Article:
How to keep your dog safe in your home tips, Online pet advice, Puppy house guide
How to Keep your Dog Safe in your Home: Dog Proofing 101
17 August 2021
Puppies can be especially curious about the world around them, and this can mean big trouble if you don’t properly dog-proof your home. Preparing your home for your puppy (or even taking the time to dog-proof your home for your adult dog) is not difficult, and it can save you both money and heartache as you will prevent some pet emergencies from happening. Regardless, it won’t hurt to invest in pet insurance to make sure even if an emergency occurs, your puppy will be getting the best care and your finances won’t be affected.
Crate Your Dog
First, let’s start by placing a heavy-duty crate in the kitchen or the living room for Fido when you are not at home. This is an important part of keeping your dog safe while you’re away. Remember, some dogs get into the most trouble because they are bored while you’re at work or running errands.
Purchasing a heavy-duty crate as a vital part of puppy-proofing your home. When you take the time to properly crate train your dog, he will learn to see his crate as a sanctuary and a place of security.
You can place a bed and a food bowl as well as a method of getting water in the crate, and to spruce it up a bit, you can add some of the dog’s favorite toys or accessories. After a time, you’ll see that Fido looks at his crate as “his” space in your home. Some dogs will even learn to “crate” themselves when they wish to take a nap or just have a little quiet time. You can leave Fido in his crate when you are away from home as a means of dog proofing the home, and it will leave him feeling safe and secure.
Crates also serve as a means of helping your dog deal with separation anxiety. Some dogs become destructive when they are left alone. It’s not that the dog wants to behave this way; the anxiety caused by your absence can make your dog misbehave as never before. When he is in a crate, he will be safe and secure, and he won’t feel the need to be destructive or get into things that could harm him in your home.
Dog-proofing Other Parts Of The House
Now, we’d like to discuss your kitchen and bathroom. Childproof latches work to keep curious pups out of low-level cabinets where we often store cleaning supplies or other potentially toxic products. It is a good idea to move trash cans in the latched cabinets, or purchase one that has a sturdy lid. Next, if you keep any medications in your bathroom, be sure to put them on high shelves that your puppy can’t reach. Nothign beats a dog kennel for making your pet feel at home.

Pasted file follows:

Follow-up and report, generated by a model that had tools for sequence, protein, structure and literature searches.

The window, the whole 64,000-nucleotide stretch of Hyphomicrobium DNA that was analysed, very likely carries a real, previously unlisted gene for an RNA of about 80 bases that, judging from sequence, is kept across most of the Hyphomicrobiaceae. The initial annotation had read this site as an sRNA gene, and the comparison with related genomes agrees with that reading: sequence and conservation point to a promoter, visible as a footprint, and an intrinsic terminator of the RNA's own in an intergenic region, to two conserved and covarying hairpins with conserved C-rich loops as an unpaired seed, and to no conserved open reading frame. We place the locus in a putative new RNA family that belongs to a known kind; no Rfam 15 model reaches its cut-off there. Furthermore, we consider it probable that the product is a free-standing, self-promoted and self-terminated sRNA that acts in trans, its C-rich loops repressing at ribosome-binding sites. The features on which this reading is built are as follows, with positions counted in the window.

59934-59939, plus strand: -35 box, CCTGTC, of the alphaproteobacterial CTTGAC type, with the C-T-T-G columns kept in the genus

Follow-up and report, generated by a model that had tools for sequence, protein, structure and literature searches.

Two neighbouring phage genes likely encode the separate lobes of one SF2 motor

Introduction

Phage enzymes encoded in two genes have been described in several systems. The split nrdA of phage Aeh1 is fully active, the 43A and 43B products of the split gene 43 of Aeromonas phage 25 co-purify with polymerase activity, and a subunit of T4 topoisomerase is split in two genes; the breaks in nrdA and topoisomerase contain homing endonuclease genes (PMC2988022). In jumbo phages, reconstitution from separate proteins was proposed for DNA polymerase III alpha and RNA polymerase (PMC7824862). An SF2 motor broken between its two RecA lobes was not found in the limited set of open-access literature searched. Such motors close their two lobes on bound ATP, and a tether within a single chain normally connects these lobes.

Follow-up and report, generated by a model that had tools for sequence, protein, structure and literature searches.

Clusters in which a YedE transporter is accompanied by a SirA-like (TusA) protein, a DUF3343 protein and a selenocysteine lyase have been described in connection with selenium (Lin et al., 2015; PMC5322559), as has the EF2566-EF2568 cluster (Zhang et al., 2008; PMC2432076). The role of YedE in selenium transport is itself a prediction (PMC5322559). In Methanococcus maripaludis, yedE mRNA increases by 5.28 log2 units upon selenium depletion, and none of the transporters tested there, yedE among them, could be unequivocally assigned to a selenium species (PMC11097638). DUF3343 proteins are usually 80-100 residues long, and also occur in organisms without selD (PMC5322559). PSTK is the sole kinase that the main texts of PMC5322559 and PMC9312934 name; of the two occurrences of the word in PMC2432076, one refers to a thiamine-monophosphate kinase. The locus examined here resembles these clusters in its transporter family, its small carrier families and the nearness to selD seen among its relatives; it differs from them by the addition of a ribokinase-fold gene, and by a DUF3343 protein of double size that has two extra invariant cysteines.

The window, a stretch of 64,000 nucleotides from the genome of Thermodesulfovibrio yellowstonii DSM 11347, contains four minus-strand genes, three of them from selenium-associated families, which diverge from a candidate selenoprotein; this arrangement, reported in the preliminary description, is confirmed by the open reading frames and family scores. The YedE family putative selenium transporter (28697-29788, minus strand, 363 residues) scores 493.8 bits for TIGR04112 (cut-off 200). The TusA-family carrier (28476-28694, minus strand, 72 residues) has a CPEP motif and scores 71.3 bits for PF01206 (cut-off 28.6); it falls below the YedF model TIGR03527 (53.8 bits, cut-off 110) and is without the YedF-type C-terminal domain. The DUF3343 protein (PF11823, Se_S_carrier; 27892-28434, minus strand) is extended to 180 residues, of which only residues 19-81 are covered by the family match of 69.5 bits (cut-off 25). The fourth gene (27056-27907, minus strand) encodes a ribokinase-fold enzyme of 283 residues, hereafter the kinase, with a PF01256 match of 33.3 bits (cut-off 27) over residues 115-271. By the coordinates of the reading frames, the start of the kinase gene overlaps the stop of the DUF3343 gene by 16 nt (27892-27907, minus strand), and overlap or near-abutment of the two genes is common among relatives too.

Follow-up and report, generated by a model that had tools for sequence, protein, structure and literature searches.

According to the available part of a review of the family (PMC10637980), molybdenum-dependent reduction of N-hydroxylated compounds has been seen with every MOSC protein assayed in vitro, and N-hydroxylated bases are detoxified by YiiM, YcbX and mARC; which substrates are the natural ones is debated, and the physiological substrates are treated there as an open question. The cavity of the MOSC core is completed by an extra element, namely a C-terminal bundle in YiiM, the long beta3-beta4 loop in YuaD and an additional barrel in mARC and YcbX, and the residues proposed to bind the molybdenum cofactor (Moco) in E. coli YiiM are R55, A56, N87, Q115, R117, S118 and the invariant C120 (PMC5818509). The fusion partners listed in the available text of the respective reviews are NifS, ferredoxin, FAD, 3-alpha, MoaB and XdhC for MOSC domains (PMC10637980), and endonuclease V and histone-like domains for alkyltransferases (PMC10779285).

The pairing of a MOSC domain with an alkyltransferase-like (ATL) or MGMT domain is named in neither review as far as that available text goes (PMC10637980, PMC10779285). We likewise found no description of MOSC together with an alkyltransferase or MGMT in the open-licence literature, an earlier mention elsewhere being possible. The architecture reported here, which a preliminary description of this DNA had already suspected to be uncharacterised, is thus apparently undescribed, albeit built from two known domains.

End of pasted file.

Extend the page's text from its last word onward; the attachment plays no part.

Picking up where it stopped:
Be sure to look for any small spaces in which your puppy could crawl; you’ll need to block these spaces. Always keep food out of the reach of your dog, especially if it is in a wrapper of some kind. Always keep the toilet lid down so that nosy pups can’t accidentally fall over into the bowl or drink water that might have been contaminated by cleaning chemicals.
You might assume that your living room is fairly safe; there aren’t usually any chemicals or dangerous products in the living room. Plus, your pet will accompany you in the living room. However, there are a few items that might pose harm to your curious puppy or an older dog that is bored. Be sure to clean up any hanging wires behind your television, and keep phone charging cords at a level where a playful pup cannot reach them. Make sure your children never leave game pieces, such as chess pieces or dice, lying around. If you have knick-knacks on low shelves, it is time to place them in an area that Fido can’t reach. It is especially important that you move any house plants that could be toxic from the living room.
How to heep your dog safe at home
If your puppy will be in your garage, be sure to move all chemicals to a shelf he can’t reach. It is especially important that you remove antifreeze from the garage area. Surprisingly, antifreeze is sweet to the taste, and dogs can ingest even a small amount and face a lethal reaction. Be sure that all tools are put away and out of reach of your dog.
You may choose to keep your bedrooms off-limits to Fido, and that is a good idea. However, you can do a little doggy proofing in these rooms as well. Make sure all laundry and shoes are put in closets and secured by a door that can’t be pushed open by a curious pup. Drawstrings and buttons can have a deadly effect on your dog’s digestive system. If you keep medications or lotions on your bedside table, you might want to put them out of Fido’s reach. If there are any exposed electrical wires, you’ll want to move them away from your dog’s line of sight.
Make sure you dog-proof your home before bringing the puppy home or do so as quickly as possible for older dogs. Your canine companion will thank you.
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